The evidence of GN’s sojourn with relatives following her arrival on 10 August gives rise to the distinct, and indeed, substantial possibility that she was in Port Moresby from 10 August to a date subsequent to Independence Day.
 The existence of that possibility means that the prosecution could not have proved its case beyond reasonable doubt. It could not have established, to that standard, that GN was in Morehead and available to be flown from there to Port Moresby with the petitioner in mid-September as she claimed.
 It would have been important to fix the date of her return but that was not done as far as I can see from the evidence. It was confidently asserted that the return flight occurred on 21 September but no basis for the assertion was proved. The petitioner’s brother, Mr Wheatley, swore in an affidavit of 11 June 2008 that GN flew home on 21 September 2001 but he does not say how he fixes the date. That same date was obviously given to Mrs Diane Tapari and Mr Moi Tapari for their affidavits but the material does not show why that date was picked. It may be that enquiries of Milne Bay Airlines prompted the assertion but there was no evidence of any such inquiry. Although the date of her return is not precisely fixed the tenor of GN’s own evidence is that she returned not long after Independence Day.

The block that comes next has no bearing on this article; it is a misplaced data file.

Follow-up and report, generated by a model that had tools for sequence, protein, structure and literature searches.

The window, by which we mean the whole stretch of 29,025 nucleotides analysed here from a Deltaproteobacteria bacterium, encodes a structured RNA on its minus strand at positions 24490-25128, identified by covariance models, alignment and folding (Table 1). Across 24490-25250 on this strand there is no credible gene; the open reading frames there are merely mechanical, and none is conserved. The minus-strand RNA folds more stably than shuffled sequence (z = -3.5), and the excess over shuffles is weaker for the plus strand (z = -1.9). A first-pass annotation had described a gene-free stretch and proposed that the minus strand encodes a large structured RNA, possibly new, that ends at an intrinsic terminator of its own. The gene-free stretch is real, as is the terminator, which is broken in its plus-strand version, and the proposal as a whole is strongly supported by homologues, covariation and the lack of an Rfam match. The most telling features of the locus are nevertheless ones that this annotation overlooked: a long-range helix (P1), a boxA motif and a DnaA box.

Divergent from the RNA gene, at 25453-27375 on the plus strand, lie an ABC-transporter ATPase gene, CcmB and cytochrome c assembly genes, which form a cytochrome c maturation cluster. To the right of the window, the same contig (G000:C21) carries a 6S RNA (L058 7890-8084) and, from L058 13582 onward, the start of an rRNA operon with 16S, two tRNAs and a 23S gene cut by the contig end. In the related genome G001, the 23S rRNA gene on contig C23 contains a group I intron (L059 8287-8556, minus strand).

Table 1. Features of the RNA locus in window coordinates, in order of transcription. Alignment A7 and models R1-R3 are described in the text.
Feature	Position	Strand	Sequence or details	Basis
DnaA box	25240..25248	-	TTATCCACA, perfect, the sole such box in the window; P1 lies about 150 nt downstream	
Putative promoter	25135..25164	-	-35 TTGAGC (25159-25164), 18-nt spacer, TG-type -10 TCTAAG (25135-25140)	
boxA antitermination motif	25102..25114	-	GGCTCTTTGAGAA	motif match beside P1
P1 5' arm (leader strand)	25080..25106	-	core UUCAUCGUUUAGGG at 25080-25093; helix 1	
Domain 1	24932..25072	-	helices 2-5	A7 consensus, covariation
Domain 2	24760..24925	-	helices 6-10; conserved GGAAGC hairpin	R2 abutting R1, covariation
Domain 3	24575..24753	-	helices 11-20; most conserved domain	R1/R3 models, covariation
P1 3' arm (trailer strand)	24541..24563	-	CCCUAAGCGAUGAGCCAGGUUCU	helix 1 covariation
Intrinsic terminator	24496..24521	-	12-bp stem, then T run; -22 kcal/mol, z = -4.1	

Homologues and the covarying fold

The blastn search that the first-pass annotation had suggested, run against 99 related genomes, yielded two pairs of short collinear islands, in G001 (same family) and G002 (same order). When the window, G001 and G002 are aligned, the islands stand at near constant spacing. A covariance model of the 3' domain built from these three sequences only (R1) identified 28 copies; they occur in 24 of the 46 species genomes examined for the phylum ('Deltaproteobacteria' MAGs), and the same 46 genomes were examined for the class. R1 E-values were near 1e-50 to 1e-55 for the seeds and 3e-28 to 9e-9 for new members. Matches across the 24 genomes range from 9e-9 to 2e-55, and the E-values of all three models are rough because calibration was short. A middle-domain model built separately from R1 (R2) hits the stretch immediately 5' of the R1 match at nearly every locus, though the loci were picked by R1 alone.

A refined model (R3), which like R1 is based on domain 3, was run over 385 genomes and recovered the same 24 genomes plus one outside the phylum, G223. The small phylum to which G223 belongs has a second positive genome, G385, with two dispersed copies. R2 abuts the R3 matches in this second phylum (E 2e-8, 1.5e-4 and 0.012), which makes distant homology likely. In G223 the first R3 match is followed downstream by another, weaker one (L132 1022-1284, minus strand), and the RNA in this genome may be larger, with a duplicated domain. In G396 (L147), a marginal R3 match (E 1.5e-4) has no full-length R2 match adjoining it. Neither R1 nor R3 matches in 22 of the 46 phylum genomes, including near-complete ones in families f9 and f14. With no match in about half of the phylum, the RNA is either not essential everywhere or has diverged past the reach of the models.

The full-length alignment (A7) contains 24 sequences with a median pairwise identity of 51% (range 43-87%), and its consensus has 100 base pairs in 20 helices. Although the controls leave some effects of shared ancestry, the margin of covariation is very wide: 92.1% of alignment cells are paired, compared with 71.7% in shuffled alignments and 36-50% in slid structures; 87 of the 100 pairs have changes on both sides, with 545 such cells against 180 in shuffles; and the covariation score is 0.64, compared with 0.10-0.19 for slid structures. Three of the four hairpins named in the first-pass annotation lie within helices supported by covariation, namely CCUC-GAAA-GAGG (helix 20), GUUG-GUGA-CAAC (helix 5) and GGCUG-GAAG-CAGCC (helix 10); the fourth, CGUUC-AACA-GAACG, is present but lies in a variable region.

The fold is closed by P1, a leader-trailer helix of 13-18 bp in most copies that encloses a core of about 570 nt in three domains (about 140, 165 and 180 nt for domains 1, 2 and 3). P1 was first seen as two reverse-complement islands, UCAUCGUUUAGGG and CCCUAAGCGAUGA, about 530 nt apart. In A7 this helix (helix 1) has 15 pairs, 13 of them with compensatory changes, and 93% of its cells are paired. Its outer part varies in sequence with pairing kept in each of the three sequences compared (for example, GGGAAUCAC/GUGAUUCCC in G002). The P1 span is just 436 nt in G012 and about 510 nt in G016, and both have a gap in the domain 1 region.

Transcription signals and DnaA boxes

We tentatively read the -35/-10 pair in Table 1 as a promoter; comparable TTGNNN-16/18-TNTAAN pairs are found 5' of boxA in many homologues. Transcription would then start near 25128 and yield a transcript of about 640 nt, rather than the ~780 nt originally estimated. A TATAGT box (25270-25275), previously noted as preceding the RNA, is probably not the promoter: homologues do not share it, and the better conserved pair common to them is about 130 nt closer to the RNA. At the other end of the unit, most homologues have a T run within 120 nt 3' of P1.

If it were proved that GN flew home on 21 September after having been in Port Moresby for several weeks it must follow that she was not flown there by the petitioner in mid-September.
 The fresh evidence has a further significance. The doubt it casts upon GN’s reliability means that the discrepancies and inconsistencies in the prosecution case should be examined with some concern to see whether the evidence can support the conviction. They take on a new significance because of the demonstrated unreliability of her evidence regarding the second flight.
 The discrepant accounts of the offence given to officers Pamuan and Stokes raise a real question about the reliability of GN’s recollection. The discrepancies are not overcome by the facile explanation that the first statement, taken by Pamuan, was his work and not GN’s. For a start she told officer Stokes that what Pamuan wrote down as her statement was true. Secondly officer Pamuan did not suggest he had any difficulty communicating with GN or understanding what she told him.